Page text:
Chief Ukrainian Rabbi Calls for Removal of Provocative Cross

Thursday, August 22nd, 2013

The recent placing of a crucifix near the Uman grave of Rabbi Nachman of Breslov was an act of “clear provocation,” said Ukraine’s Rabbi Yaakov Bleich, who called for its immediate removal.

“Ukraine is not a Jewish country, and Ukrainian Jews respect Christian symbols like crosses,” Bleich told the Jewish Ukrainian news site Еvreiskiy.kiev.ua. “However, the cross raised in Uman, in the immediate vicinity of the tomb of Rabbi Nachman, is a clear provocation.”

Earlier this month, Hebrew graffiti was discovered on the crucifix, which was erected in recent weeks on the banks of a lake near the grave of the 18th-century founder of the Breslov Hasidic movement. The Hebrew message read: “To exact vengeance on the gentiles.” A further inscription on the crucifix’s leg reads: “Stop desecrating the name of God.”

Referring to an estimated 30,000 Jewish pilgrims expected to arrive in Uman for Rosh Hashanah, Bleich said: “They will not be able to pray there this year.” He told JTA the cross would prevent the pilgrims from performing tashlich, a prayer often accompanied with the ritual of symbolically casting off the sins of the previous year by tossing pieces of bread or another food into a body of flowing water.

Exacting Vengeance on the Gentiles?

Wednesday, August 21st, 2013

Once again we are treated to the sight of very religious looking Jews acting like a street gang. A statue of a cross with a figure of Jesus on it was defaced by a group of Breslover Chasidim in Uman. The cross was recently erected opposite the grave of the founder of this Chasidus, Rav Nachman of Breslov – located in the Ukrainian city of Uman. From JTA:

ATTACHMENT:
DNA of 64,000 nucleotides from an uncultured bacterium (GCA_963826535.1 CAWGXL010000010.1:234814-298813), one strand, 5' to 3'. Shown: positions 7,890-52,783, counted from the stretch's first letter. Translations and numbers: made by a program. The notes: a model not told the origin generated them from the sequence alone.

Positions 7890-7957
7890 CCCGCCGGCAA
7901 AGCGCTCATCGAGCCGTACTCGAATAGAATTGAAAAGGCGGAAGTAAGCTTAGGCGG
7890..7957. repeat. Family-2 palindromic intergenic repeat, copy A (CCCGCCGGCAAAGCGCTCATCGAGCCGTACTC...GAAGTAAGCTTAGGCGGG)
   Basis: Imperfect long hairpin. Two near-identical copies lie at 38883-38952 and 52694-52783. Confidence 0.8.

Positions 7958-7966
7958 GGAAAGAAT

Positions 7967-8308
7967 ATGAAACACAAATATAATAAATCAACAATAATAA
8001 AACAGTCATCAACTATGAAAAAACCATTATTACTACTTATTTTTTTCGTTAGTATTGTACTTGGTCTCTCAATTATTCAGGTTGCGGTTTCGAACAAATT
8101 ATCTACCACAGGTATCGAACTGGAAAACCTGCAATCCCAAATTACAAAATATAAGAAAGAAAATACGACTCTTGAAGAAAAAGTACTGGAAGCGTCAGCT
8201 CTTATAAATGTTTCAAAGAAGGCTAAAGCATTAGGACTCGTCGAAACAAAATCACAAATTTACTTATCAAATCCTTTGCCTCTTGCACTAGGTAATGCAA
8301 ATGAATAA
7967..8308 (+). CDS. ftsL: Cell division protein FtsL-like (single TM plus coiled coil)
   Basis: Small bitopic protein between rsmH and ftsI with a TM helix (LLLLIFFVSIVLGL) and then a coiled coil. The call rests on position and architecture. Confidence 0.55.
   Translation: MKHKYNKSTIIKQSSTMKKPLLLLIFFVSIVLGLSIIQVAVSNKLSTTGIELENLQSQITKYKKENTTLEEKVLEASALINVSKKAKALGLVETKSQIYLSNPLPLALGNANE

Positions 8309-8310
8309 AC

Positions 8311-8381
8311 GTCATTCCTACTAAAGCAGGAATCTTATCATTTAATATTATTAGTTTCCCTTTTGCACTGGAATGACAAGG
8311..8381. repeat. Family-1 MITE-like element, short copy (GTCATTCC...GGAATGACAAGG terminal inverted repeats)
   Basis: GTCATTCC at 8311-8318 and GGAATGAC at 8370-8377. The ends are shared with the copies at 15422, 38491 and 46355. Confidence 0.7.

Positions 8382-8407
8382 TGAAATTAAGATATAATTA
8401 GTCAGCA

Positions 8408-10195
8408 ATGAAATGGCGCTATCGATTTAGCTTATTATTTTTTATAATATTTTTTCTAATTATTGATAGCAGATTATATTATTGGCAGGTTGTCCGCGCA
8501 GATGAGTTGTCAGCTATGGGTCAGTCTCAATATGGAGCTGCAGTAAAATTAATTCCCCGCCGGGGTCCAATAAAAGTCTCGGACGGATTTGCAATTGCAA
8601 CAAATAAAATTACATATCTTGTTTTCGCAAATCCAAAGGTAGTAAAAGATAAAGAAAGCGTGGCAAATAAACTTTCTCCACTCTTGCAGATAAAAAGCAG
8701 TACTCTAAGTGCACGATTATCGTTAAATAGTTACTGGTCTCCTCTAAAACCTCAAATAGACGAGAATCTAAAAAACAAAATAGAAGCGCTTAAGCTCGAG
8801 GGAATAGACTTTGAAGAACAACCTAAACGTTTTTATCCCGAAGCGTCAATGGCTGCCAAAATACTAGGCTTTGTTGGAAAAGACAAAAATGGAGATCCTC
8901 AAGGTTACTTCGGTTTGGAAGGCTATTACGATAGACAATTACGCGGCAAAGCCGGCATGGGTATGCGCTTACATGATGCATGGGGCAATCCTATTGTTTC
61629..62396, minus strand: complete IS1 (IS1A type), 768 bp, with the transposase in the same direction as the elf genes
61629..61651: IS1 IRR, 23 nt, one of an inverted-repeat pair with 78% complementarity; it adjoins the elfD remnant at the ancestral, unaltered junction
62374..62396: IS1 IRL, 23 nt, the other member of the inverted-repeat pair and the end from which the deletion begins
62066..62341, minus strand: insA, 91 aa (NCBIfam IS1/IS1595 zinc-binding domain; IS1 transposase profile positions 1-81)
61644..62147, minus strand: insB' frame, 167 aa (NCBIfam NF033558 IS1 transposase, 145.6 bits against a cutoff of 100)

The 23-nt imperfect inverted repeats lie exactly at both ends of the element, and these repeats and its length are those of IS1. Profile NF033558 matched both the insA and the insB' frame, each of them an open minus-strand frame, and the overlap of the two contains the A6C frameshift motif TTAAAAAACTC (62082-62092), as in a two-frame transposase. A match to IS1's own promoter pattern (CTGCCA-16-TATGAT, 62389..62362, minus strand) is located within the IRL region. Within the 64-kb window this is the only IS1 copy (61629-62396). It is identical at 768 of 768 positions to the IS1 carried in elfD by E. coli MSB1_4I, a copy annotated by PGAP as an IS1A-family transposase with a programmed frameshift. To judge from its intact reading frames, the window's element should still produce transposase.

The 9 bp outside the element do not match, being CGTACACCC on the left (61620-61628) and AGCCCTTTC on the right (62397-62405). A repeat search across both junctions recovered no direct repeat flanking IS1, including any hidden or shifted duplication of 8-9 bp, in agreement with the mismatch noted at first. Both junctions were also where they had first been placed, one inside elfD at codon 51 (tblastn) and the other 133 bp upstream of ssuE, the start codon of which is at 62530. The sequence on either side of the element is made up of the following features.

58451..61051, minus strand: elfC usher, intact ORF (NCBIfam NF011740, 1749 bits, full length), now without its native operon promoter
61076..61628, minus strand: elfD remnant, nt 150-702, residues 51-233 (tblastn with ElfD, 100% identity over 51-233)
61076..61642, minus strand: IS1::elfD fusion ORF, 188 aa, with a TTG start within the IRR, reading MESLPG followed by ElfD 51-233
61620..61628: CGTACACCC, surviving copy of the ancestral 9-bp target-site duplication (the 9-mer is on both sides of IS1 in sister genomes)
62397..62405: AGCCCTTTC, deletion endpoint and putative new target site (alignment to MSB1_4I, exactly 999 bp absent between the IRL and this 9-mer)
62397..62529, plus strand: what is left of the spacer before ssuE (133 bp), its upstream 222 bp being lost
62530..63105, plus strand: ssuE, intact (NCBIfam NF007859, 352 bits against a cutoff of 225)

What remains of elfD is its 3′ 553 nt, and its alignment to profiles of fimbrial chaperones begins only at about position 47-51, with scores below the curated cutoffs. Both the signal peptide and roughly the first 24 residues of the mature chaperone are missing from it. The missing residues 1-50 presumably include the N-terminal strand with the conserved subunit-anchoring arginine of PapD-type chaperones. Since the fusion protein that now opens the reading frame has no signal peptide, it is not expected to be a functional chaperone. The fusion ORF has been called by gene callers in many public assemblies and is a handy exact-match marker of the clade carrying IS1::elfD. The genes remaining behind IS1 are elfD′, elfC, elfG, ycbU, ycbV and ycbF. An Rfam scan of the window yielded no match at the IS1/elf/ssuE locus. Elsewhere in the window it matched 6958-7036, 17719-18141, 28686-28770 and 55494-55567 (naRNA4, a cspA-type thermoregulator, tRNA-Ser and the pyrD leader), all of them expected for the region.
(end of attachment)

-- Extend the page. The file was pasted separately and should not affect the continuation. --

“To exact vengeance on the gentiles,” reads the message, which was scrawled across the torso of a figure of Jesus. A further inscription on Jesus’ leg reads, “Stop desecrating the name of God.”

This kind of thing would not surprise me if it were being done by extremists from a community that embraces an isolationist lifestyle. But although they are hardcore Chasidim who dress and look much the same as Satmar Chasidim – Breslovers do a lot of outreach. I would expect them to know how to behave in a more civilized manner. They must have had a socialization process that taught them that or they could not do outreach. And yet here they have acted in a completely uncivilized way.